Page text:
We spend a lot of time talking about ways we can best manage our time. And when there’s a lot on our plates, the dream is just to get someone to take care of business for us. Fortunately, we looked at ways to do just that: there are a lot of small-scale outsourcing options available, connecting people that have surplus time with people that have a deficit.
This has always been one of the promises of the web: connecting people that wouldn’t otherwise be connected. And while the time crunch issue has been addressed, some major players have identified an opportunity to make a different kind of valuable link: connecting experts with those that need expertise. Both Google and eBay are rolling out services that promise to link up people that know something with people that want to know something.
These services share something in common with Elance, which we talked about before, but each aims to carve out a specific, special niche when it comes to connecting specialists with those who need their help.
eBay opened the salvo with SecretGuru. Currently in beta and available only in the UK, SecretGuru is an attempt to bring a curatorial eye to selling expertise. Unlike Elance, which allows almost anyone to ply their services, SecretGuru is highly selective about which experts it offers. It wants to create “memorable experiences,” from specialized cooking classes to learning to make shoes to personal style advice. Read More
What A Backstreet Boy, A Tech Journalist, A Social Media CEO, and A Facebook Employee Say About The Future Of Mobile And Social Media
I recently had the chance to chair a phenomenal panel in New York City where I was able to talk with a wide variety of entrepreneurs, business professionals, and social media experts about where we are today with mobile and social media and what’s coming in the future. While this event wasn’t televised, I was able to get some great quotes and invaluable content from the panelists to share with you today.
How a Backstreet Boy uses social media to connect with his fans
The most interesting panelist had to be Backstreet Boy AJ McLean, who has a major social presence on Twitter, Socialcam and Instagram. Using social media, AJ has created Internet memes like #booomb videos on Socialcam, and has cultivated a huge online audience almost 20 years after the band he was originally known for rose to fame.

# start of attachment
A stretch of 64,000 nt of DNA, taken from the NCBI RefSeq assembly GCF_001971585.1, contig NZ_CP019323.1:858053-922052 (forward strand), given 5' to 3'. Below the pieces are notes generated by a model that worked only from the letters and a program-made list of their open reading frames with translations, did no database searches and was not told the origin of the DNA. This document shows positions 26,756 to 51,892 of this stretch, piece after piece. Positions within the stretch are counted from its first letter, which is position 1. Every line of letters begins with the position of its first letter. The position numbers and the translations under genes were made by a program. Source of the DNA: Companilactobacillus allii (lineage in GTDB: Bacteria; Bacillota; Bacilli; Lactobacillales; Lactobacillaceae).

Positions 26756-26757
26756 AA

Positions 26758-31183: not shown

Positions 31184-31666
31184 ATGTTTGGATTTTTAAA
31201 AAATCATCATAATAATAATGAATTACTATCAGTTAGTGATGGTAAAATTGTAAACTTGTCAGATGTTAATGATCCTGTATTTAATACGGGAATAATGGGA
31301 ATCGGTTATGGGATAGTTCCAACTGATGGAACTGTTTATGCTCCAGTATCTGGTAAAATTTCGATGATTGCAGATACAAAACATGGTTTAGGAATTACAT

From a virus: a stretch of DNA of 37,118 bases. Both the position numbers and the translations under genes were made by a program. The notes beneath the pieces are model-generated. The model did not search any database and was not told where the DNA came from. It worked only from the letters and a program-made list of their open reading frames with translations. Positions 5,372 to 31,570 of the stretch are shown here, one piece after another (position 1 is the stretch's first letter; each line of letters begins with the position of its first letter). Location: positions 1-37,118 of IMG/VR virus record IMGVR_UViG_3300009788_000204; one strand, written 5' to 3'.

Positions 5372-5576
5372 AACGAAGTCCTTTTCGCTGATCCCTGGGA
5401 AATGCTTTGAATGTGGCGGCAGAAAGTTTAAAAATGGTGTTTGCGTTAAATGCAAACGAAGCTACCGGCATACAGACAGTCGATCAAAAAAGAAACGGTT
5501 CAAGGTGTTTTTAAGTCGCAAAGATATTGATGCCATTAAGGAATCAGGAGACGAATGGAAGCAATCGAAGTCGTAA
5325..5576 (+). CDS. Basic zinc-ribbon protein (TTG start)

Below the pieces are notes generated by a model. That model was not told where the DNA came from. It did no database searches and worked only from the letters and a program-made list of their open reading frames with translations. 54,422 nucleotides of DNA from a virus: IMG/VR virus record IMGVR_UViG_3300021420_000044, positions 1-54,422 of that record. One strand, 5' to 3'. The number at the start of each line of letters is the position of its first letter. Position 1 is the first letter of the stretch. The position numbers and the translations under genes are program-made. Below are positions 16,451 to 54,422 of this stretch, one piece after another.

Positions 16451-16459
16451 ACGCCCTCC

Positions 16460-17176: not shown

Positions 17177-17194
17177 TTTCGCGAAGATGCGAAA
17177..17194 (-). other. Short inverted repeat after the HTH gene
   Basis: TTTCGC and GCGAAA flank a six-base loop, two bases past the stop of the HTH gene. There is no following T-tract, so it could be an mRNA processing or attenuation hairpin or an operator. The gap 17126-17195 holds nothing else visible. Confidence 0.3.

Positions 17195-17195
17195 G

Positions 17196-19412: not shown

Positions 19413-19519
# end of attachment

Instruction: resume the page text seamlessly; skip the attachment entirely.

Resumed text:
While the Backstreet Boys are still recording and selling millions of albums, AJ has created a strong brand for himself as Mr. Skulleeroz (pronounced “Skull-e-rose”) on social media channels. What’s his secret? According to AJ:
Someone like myself who’s in the music industry, we’re not always that accessible to our fans and to the media except when we do [things like] a press event. [With social media you] get a direct contact and get an immediate response. That’s something that I’ve never seen before… It just brings my fans, my personal fans and the Backstreet Boys fans, closer to us as people. Bringing them into our homes, our everyday life. Not just backstage or onstage, but like ‘come take a ride with me down the street to the 7-11.
You don’t have to be a Backstreet Boy to see the value in what AJ is saying. No matter what your business or brand, social media and video allow you to connect with people when you can’t be there in person. If you can get even a few hundred views on an online video, the time you take to make it is immediately more valuable than trying to meet with those same hundred people in person. If you can get a few thousand views, you’re suddenly an online content producer capable of monetizing your content because your online audience is now suddenly as valuable as your real-world audience.